Page 8, 2nd December 1977

2nd December 1977
Page 8
Page 8, 2nd December 1977 — Through the looking glass in a split city
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Organisations: East German Government
People: Bruce Kent
Locations: Berlin

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Through the looking glass in a split city

AS WE left the Hilton-like hotel for a stroll around Marx-Engels Platz, the young East German said: "We are holding up a mirror for you here. Try to see through it."

Last week I stepped into the looking-glass world of East Germany for a four-day conference of European Catholics.

The Berlin Conference has been going since 1964. This was its seventh session. It has a permanent secretariat, and this year 220 delegates and a dozen Or more guests attended.

They were flown in from all parts of Europe and housed in the best hotels in East Berlin, which are not much different from the best hotels in any other capital city.

The bill came to half a million marks (about /125,000) and the East German Government paid it.

I could not help wondering what Mgr Bruce Kent would think if the Government here offered him the Dorchester, /125,000 and full co-operation to hold a conference on disarmament.

At least you couldn't describe the motives of the East Germans as a catch. The text of the final communiques written on the first night of the conference, amply reflected the thinking of the pre-conference papers which in turn seemed remarkably similar to the East German Government's policy on peace and disarmament.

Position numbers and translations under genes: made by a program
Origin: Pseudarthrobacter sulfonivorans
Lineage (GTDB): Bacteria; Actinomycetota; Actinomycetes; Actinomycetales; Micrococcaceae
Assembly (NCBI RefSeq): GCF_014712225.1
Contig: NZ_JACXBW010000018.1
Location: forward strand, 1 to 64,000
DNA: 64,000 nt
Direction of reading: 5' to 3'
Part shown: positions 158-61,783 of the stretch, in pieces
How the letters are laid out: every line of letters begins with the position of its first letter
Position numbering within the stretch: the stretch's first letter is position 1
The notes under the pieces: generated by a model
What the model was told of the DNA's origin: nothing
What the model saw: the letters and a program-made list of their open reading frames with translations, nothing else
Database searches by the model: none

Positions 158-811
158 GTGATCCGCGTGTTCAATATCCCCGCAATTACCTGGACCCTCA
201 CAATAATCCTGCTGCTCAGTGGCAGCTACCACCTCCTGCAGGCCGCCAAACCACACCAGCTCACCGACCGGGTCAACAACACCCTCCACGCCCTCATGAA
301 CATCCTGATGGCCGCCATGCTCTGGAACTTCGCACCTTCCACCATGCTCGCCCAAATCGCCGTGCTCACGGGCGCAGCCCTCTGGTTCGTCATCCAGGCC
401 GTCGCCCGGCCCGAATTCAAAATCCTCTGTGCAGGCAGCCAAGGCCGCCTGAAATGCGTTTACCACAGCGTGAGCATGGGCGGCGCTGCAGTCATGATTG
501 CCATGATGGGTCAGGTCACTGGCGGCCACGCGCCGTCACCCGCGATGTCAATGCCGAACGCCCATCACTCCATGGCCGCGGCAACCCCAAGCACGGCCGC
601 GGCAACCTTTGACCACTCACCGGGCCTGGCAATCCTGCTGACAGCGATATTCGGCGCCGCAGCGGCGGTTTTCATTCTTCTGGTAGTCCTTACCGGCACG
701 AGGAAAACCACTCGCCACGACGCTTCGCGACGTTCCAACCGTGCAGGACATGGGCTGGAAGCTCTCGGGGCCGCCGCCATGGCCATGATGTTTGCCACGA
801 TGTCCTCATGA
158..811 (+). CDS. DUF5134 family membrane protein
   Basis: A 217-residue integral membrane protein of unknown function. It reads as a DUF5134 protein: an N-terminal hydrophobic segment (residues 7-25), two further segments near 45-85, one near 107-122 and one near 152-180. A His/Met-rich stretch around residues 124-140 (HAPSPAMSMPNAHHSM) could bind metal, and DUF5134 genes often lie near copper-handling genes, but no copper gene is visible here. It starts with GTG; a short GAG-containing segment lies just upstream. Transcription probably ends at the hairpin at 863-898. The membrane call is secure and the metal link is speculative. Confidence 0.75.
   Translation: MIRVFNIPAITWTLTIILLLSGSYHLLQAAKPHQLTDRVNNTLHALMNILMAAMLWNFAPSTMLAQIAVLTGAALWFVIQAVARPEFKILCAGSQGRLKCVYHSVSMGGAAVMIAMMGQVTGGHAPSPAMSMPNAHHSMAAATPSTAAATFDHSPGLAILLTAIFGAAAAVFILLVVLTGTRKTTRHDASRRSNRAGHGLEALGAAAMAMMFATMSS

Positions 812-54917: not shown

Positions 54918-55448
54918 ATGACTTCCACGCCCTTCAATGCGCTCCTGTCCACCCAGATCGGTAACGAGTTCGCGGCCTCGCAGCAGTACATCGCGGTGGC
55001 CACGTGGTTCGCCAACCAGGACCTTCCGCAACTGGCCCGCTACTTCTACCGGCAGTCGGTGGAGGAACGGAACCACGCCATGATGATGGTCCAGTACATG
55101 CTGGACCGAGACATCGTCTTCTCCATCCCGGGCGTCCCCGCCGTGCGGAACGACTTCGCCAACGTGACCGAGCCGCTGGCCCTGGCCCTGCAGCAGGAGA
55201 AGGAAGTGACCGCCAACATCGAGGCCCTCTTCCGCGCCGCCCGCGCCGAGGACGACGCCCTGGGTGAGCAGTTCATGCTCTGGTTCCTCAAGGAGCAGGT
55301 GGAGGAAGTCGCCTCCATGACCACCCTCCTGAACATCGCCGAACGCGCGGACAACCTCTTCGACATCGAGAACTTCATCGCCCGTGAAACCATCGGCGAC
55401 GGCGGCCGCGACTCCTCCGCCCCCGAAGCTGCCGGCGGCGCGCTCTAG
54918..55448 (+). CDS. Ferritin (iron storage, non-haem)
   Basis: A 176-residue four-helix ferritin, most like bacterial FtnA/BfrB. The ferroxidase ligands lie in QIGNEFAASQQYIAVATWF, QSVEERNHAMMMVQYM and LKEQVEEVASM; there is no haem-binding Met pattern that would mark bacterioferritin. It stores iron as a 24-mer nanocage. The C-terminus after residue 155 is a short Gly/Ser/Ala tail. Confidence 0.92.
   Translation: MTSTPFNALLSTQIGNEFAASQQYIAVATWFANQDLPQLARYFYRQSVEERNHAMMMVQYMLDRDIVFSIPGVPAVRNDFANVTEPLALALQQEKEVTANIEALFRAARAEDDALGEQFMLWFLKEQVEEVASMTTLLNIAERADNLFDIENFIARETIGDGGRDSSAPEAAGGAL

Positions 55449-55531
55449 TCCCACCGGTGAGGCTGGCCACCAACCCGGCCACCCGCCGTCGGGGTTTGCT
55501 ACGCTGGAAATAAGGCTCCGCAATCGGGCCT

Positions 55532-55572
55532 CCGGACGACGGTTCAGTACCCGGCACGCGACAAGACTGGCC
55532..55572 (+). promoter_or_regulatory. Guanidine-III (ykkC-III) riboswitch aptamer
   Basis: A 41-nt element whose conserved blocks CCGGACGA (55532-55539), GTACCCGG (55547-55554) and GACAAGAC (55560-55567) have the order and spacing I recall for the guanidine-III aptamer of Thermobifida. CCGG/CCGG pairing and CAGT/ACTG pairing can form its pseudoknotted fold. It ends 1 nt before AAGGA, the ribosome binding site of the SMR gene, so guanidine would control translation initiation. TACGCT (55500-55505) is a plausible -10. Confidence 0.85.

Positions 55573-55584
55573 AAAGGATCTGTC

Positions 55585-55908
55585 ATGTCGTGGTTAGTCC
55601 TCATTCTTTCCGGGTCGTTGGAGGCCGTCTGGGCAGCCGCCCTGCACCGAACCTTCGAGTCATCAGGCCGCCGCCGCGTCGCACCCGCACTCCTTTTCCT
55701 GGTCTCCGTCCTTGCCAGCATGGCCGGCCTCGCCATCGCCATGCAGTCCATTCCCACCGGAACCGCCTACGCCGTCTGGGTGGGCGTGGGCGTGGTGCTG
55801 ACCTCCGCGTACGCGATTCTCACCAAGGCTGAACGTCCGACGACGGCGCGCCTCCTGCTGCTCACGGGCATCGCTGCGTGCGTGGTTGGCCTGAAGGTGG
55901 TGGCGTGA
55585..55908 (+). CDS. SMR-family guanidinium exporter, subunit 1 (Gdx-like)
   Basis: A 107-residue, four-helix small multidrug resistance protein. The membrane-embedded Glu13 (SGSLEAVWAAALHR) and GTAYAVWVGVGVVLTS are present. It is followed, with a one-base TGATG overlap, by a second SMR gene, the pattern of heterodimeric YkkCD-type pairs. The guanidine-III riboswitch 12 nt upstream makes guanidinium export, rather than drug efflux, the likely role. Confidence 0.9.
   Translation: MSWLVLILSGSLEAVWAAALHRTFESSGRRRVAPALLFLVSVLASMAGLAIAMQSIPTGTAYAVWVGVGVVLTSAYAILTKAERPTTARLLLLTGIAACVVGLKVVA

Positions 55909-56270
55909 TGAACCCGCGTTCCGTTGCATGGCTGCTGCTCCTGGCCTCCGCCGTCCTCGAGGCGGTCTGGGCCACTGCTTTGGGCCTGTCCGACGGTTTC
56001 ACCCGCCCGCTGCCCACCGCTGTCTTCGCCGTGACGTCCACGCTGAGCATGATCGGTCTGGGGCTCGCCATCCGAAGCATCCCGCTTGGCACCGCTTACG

No one could disagree with it, but it reflected more than anything else the fact that if you look hard enough you can find quotations in the Bible to back up any political cause.

On solidarity, for example, it mentioned the misery of innumerable parts of Europe which suffered the effects "of a social system which places the greed for profit before everything else and gives rise to violence."

It went on to describe the mass unemployment, inflation, signs of hopelessness and demoralisation: no mention of the shortcomings of Eastern Europe.

On disarmament, the militancy of the conference was impeccable, denouncing all attempts to sabotage the disarmament talks and condemning the nuclear bomb.

The Western delegates managed to get in a clause which condemned nuclear explosions even for peaceful purposes — an activity only practised by Russia at present — but when they tried to insert a clause calling for recognition of conscientious objection the Eastern bloc delegates, priests and all, voted against it.

Earlier, an attempt to insert the phrase "and socialist" into a sentence blaming the arms race on the policies of capitalist countries, resulted in the withdrawal of the whole phrase.

The final document was a blanci expression of desire for peace from an East European point of view, except for the odd phrase which Western delegates could insert as an amendment.

But, like most conferences, particularly those set up from above, the final paper document and the grand speeches were not the most important part.

The conference acts as a meeting place: it is the only place at which Western and Eastern Catholics can meet.

The Eastern delegates were a mixture. Some came for the chance to travel and made "passport speeches," written up and given at the conference in exchange for a travel permit. One, a -Russian, spoke his piece like a bankrupt reading out his tax torm.